Transportation problems, national and international attention, and, possibly, a future president all converging on Tampa in the summertime? The year is 2012, but it could very well be 1898.
Commentators have been grasping for comparisons to describe the people and attention headed toward Tampa for the Republican National Convention. Super Bowls, college bowl games, Gasparilla, presidential visits, even hurricanes do not quite reach the level of anticipated chaos associated with the convention.
One needs to reach further back in our history to find an apt example. During the summer of 1898, close to 30,000 soldiers, journalists, and yes, even politicians, came to Tampa during the build-up to the Spanish-American War. They completely overwhelmed the city and its 15,000 residents.
The tide of humanity began to rise in April 1898, when the first trainloads of troops arrived along Henry Plant's railroad tracks. It was Plant who, through his political connections, convinced government and military leaders to select the small port city of Tampa as the main point of embarkation. Though Plant's political will and might was great, his railroad line and Tampa's port facilities were less so. The main deep water port was eight miles from Tampa in another city — Port Tampa City. A single set of railroad tracks connected Tampa and Port Tampa, and it was stretched to its limits.
If Tampa was a hurricane of confusion in the summer of 1898, then Port Tampa was its disorganized eye. The quartermaster assigned to Port Tampa, Col. Charles Frederic Humphrey, was overwhelmed by the mountain of materials, mail, animals and people laid at his feet in late May and early June. Most of the problems at Port Tampa were the result of poor planning on the part of the army, but inadequate facilities were also a constant source of irritation and concern.
Further aggravating the situation, the army failed to secure enough transport ships for the journey to Cuba, prompting some regiments to take up the task of ship assignment themselves. The lack of space also meant that many of the horses and mules, sorely needed by the soldiers, would have to be left behind. By the time the transports were loaded — June 8, 1898 — they contained almost 17,000 soldiers, 1,000 horses, 1,300 mules, 34 artillery pieces and four Gatling guns.
During the early months of the war, dubbed the "Rocking Chair Period" because of the incredible lack of military activity, Tampa's social life flourished with gala events held by the military officers. Army bands played and dances were held. Plant Park was a favorite gathering place for the hotel's guests.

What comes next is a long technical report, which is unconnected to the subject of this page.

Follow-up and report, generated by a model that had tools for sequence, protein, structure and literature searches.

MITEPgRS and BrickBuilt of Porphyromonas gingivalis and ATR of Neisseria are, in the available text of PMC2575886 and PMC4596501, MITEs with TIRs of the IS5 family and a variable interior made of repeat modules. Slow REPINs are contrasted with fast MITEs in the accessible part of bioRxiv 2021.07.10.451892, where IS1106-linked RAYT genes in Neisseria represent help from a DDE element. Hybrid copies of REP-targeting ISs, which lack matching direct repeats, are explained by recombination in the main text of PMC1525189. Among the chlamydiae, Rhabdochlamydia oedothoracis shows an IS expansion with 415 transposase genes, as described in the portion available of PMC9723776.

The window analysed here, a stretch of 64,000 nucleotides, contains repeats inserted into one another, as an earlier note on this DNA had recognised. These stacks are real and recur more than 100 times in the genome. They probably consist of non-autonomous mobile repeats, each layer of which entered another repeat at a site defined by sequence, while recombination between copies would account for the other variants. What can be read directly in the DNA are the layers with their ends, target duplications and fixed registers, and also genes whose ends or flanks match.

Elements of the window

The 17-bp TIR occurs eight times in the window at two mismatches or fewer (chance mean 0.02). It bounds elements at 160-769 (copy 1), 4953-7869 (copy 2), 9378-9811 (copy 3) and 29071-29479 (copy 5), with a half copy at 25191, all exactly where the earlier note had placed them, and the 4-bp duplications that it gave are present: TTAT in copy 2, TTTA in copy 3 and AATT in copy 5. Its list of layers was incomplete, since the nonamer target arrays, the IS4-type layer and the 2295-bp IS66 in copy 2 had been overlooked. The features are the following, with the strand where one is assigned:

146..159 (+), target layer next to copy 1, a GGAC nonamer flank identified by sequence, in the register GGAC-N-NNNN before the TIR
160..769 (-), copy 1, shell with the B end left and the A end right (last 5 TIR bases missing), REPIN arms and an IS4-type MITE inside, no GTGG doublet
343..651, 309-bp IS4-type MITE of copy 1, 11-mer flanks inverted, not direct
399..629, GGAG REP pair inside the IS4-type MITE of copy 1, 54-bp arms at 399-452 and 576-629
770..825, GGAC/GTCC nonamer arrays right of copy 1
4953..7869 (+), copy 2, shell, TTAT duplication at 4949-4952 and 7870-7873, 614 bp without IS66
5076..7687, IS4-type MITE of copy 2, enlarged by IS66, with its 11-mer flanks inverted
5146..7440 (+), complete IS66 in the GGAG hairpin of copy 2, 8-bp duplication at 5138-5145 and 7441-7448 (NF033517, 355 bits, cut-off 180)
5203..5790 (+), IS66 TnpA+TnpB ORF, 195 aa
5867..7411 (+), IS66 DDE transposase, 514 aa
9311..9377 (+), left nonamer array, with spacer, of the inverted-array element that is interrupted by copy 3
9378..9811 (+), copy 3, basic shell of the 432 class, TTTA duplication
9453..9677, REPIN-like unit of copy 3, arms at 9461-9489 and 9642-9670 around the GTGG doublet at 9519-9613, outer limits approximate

War correspondents also spent time in Tampa, living at the Tampa Bay Hotel or in other, smaller, accommodations. Among the famous people who came to Tampa to report the scene to the rest of the country were Richard Harding Davis, George Kennan and Frederic Remington. Women also participated in the reporting frenzy. Two in particular, Kathleen Blake Watkins, who wrote for the Toronto Mail and Express and 24-year-old Anna Northend Benjamin, who worked for Leslie's and Outlook magazines, stayed in Tampa before the war to cover the military build-up.
Journalists, army officers and their wives — among them Theodore Roosevelt, at the time the second in command of the Rough Riders — stayed at the Tampa Bay Hotel. Tampa provided a field day for correspondents, who showered praise on the hotel but found little good to say about the small city. It seemed that every description of the town in northern papers included the words "insignificant" and "sand."
Summer in Tampa was uncomfortable for most of the out-of-towners, to say the least. A reporter for the Plattsburg (Pa.) Press noted that "the climate is torrid … at mid-day the thermometer hovers in the nineties but the nights are cool and pleasant. There has been no rain in this vicinity in eight months and the black, grimy dust is enough to choke you. It gets in your eyes, your nose, your food, and were it not for ample bathing facilities in the vicinity, it would be unbearable."
Another correspondent, writing for the Denver Republican, was not impressed with what he saw in the young city. "We do not call Tampa much of a place in the North or West where our eyes are accustomed to well paved streets and fine business blocks." He went on to describe Franklin Street as paved with uneven wooden blocks, and where it wasn't paved the sand was a foot deep. He did note that "there are some fine residences," likely referring to some of the homes in Tampa Heights and Hyde Park.
By the end of the summer, the city had returned to normal. About half of the soldiers stationed in Tampa departed for Cuba in mid-June, and with them went all of the war correspondents. The troops that were left caused a good deal of mischief in the city, but they also spent most of their pay at Tampa businesses. By late September, they had moved on, too. The long-term effect of the war on Tampa is debatable, but there were a number of improvements made to the area — including the development of the Port of Tampa — that can be traced to this time.
It is difficult not to wonder what present-day journalists will write about Tampa and the bay area. Undoubtedly some will enjoy their time here, while others will look for every unfavorable comparison to where they themselves are from. Looking back on the Tampa of 114 years ago illustrates how far we have come as a city. By 1910, many of the deficiencies noted by war correspondents were distant memories. It will be interesting, 10 or 15 years from now, to read the reports from 2012 Tampa and think how much is the same and how much has changed since the convention came to town.